True story – when you buy “wheat” bread at the grocery store, all it’s saying is that it’s made from the wheat plant. That wheat is stripped and processed, yielding a flour made mostly from the white fluffy inside of a wheat kernel (called the endosperm). By removing the bran and the germ the flour becomes devoid of most nutrients. Look on the ingredients list – unless you read “whole” in the first three words, the product is not whole grain. Even store-bought whole wheat bread has several unpronounceable ingredients. Can we bypass those unknowns? You bet we can.
More bread baking! If you remember, I posted a cinnamon raisin bread last week. I made this whole wheat bread at the same time and even baked them at the same time and temperature. Though my husband devoured the (less nutritious but sweeter) cinnamon bread in about 24 hours, this whole wheat bread made me very, very happy for several days. I fed it to my daughter toasted and smeared with almond butter and I made a mean tuna melt for dinner with it. It was tender, complex in flavor, and lighter than other whole wheat breads I’ve had in the past.
I’ve said this before, but there’s nothing like making your own bread. My friend Miriam is from Germany and she said that instead of standing mixers, Germans have bread slicers. They make their own bread – kneaded by hand – almost daily. Dinners are homemade, rustic whole grain breads with meats and cheeses. Yum. We talked bread recipes and I felt embarrassed that I don’t know the metric system, like, at all. Anyways – this bread would be perfect with a big bowl of Sunday soup.
100% Whole Wheat Bread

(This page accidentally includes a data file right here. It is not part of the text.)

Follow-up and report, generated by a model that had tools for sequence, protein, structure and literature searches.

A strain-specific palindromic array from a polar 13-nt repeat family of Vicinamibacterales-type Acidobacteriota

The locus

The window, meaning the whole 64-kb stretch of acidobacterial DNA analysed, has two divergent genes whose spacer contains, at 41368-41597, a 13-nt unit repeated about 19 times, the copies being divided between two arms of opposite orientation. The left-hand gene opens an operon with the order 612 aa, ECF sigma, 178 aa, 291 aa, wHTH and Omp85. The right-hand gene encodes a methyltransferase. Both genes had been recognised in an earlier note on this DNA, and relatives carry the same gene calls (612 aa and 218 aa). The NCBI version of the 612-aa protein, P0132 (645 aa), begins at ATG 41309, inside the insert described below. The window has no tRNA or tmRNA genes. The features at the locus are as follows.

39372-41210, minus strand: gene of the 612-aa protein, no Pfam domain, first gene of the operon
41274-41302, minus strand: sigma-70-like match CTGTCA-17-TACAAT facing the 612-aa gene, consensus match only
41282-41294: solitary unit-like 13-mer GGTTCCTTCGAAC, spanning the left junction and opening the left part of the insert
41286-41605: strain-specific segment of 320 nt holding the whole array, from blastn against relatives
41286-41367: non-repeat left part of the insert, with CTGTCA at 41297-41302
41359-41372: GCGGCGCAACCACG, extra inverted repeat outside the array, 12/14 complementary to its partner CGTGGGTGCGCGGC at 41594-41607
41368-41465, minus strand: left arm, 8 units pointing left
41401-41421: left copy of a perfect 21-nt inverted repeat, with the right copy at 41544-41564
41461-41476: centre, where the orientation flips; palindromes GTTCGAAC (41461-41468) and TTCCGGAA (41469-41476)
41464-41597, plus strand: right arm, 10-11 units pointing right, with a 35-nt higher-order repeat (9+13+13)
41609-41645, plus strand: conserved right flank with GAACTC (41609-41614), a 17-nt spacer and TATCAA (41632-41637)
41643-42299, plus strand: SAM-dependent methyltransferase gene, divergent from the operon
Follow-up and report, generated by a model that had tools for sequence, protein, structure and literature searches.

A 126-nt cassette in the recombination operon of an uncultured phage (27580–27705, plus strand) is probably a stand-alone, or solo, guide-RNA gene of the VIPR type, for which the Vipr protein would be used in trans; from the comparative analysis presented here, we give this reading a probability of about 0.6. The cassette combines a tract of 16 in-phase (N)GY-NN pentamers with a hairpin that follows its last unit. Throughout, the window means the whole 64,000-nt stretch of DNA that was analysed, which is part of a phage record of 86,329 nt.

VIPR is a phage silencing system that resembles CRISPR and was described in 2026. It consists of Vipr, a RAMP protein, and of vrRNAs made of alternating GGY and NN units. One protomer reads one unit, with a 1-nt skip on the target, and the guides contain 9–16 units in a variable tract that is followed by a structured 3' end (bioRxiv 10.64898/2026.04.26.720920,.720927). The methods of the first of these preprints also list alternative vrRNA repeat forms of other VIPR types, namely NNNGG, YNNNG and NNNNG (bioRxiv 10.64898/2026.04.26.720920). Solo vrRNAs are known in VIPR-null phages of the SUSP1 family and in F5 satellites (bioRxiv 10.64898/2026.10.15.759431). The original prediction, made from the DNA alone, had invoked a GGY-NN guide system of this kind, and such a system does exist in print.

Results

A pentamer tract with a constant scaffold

1 (10 inch) Loaf
Slightly adapted from King Arthur Flour Flour Cook Book
1 1/2 c. water
3 tbsp. olive oil
5 tbsp. honey
3 1/2 c. whole wheat flour
1/4 c. sunflower seeds, finely chopped
1/4 c. walnuts, finely chopped
1 1/2 tsp. salt
1 1/2 tsp. instant yeast
1. In a large mixing bowl or bowl of a standing mixer, combine all of the ingredients. Either stir with a wooden mixing spoon or stir with paddle attachment.
2. Let dough rest for 20 minutes.
3. Switch to dough hook on electric mixer and knead dough for about 10 minutes. If you don’t have a standing mixer, knead by hand for 10-15 minutes. This will result in a smaller, denser loaf.
4. Grease a large mixing bowl with nonstick spray and let dough rise inside (covered tightly with plastic wrap) for 1 hour at room temperature.
5. Shape into a rough log and place in a lightly greased 9 inch loaf pan. Cover the loaf pan with plastic wrap and let rest 1 hour at room temperature.
6. Preheat oven to 350 degrees. Bake bread for 45-55 minutes or until set in the top center.
7. Remove from oven, turn out bread from pan, and let cool completely on wire rack.